MANITOBA Hydro's recent annual report focuses on two myths -- that its reported profit of $92 million is more than adequate, and that the utility's financial position (portrayed as the best in its history) provides a base for it to confidently move ahead with expenditures unprecedented in the province's history without unduly raising rates.
Hydro's reported profits are due to accounting choices and rate increases, and its financial position is weak. As it moves ahead to implement its $20-billion gamble on dams and transmission development, Manitobans can anticipate a tripling of rates over the next two decades.
Hydro's $92-million net income -- including $23 million of deferred income of prior years -- is a return on equity of less than four per cent. Over the 10 years to March 31, 2013, Hydro reported a cumulative net income of $1.3 billion, averaging $130 million a year. On an average retained earnings base of $1.9 billion, the earnings represent an average return on "book" retained earnings of less than seven per cent -- hardly stellar.
And, excepting for the Public Utility Board's granting of rate increases from 2004 to 2013, accumulating to 35 per cent as compared to general inflation of 20 per cent over the period, Hydro would have barely broken even in that time.
This dismal result comes despite nine years of median or above-average water flows (2004 was the last drought year) and record-low interest rates (for every one per cent change in interest rates, Hydro's results are affected by $10 million per $1 billion of debt).
As it is, Hydro's net-income results have required massive deferrals of incurred expenses. Over the 10 years ending March 31, 2013, Hydro capitalized or deferred approximately $2 billion of its operating, maintenance and administrative expenses (some portion would have been expensed through normal amortization, the balance will pressure rates well into the future).
The utility is replete with intangible assets -- construction in progress, goodwill and deferred costs. Hydro still carries the income tax and premium price it paid when it bought Centra Gas on its books, and hasn't written down the incredible cost it paid to construct Wuskwatim, the undepreciated costs of its single-cycle, natural-gas turbines that are uneconomical to operate or the distressed assets bought from Winnipeg Hydro.
In Note 2 to its audited statements, Hydro reports that an "International Accounting Standards Board (IASB)... exemption eliminates the requirement to retrospectively adjust opening property, plant and equipment and/or intangible asset balances for costs that would otherwise not qualify for capitalization... Manitoba Hydro intends to apply this exemption."
If Hydro had not taken the "exemption," its asset base and retained earnings would have been significantly decreased.
Worse yet, the notes to the utility's financial statements disclose what appears to be not only a deficiency of approximately $400 million between the assets of its pension plans and the actuarial liability, but also an undetermined liability with respect to northern dam mitigation.
If Hydro's accounting choices were more conservative, the balance of its retained earnings would be much lower, if not negative.
While Hydro's operations from 2004 on have been far from stellar for ratepayers, it has been a good time for its sole "shareholder," the province.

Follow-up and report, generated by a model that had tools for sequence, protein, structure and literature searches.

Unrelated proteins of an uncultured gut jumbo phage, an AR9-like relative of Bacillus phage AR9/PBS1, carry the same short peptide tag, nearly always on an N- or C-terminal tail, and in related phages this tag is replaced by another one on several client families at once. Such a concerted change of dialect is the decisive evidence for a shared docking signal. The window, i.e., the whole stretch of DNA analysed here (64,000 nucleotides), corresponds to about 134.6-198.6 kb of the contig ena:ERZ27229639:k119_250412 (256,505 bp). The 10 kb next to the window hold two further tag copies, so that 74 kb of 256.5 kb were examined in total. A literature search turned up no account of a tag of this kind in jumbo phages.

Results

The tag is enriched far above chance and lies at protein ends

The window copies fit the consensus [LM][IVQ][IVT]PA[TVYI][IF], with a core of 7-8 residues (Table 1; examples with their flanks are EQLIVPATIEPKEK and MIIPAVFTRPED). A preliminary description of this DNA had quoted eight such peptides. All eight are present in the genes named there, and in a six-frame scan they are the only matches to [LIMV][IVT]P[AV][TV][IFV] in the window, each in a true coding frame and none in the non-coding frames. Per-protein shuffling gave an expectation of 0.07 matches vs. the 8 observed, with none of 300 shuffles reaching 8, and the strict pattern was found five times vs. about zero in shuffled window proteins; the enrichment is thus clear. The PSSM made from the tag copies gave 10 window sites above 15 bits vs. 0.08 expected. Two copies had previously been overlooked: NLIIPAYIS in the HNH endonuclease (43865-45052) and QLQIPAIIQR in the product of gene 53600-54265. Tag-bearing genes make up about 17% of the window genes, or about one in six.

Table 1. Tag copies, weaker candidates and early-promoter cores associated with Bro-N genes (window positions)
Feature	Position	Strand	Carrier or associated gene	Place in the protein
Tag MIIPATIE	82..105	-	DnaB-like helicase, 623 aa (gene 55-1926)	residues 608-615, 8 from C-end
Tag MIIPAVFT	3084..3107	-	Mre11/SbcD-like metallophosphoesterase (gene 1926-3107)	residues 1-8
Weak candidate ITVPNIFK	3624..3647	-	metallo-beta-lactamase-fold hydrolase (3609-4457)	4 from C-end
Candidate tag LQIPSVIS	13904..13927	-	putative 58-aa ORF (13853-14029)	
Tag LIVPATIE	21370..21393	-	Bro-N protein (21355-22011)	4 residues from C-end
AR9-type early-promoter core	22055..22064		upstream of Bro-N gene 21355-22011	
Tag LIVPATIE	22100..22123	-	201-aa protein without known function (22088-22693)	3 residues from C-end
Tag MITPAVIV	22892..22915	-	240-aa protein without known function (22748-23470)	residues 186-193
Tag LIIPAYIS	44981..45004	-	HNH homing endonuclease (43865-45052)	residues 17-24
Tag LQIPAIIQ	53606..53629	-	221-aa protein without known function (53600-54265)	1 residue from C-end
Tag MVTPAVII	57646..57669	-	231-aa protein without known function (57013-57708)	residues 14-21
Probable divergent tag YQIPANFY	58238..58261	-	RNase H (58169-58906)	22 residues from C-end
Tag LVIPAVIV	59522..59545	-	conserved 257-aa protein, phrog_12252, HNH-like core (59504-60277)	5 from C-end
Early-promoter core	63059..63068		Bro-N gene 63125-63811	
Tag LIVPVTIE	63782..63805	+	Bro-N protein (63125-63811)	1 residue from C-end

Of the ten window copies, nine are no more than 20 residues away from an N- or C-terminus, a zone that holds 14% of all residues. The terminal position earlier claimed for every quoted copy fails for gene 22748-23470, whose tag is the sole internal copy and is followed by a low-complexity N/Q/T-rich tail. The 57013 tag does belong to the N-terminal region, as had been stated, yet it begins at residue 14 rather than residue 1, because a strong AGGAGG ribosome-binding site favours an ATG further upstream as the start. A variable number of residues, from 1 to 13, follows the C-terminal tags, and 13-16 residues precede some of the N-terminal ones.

Over the decade, the province has received more than $2 billion in cash from levies on Hydro's operations (capital tax, water-rental fees, debt-guarantee fees, payroll taxes and other miscellaneous fees), and it has garnered cash receipts from retail sales taxes applied to ratepayer bills and individual and corporate income tax receipts from employees and contractors to Hydro.
Furthermore, the province has reported in its books Hydro's $1.3-billion (on paper) net income over the period. (If this was not enough, Hydro continues to assist the province by undertaking projects and covering expenses that would better be met by the province.)
As for its "strong" financial position, while Hydro claims that, as at the end of its 2012-13 fiscal year, its debt-to-equity ratio was 75-25 (the accepted goal for years), it includes in arriving at its equity number deferred costs, a balance in accumulated other comprehensive income (which arises largely from the impact of a higher Canadian dollar on U.S.-dollar-dominated debt -- a "gain" that will be extinguished as exports to the U.S. continue in American currency), and contributions in aid of construction (better represented as a reduction from property, plant and equipment).
If the items had been excluded, the debt-to-equity ratio would be worse than 90-10. Privately owned utilities, meanwhile, require a debt-to-equity ratio of 60-40 to borrow on the debt markets.
As for claims of ratepayers gaining from its export sales, Hydro neglects to note the costs incurred to make those sales. Those costs include a reasonable attribution of the costs of capital assets employed to generate and transmit the electricity, finance charges and operating costs. With an appropriate attribution being made against export sales, the utility would report losses on its export-market transactions since 2008.
The reality is Hydro is dependent upon PUB approving its rate applications, continued good water-flow conditions, cold winters and old "accounting" for positive financial results.
Hydro, driven by a government weighed down by considerations beyond the interests of ratepayers, and helped by the PUB, is building a castle on a base of sand, with the prospects for ratepayers bleak, to say the least.
Graham Lane, a retired chartered accountant, was the chairman of the Public Utilities Board from 2004 to 2012.
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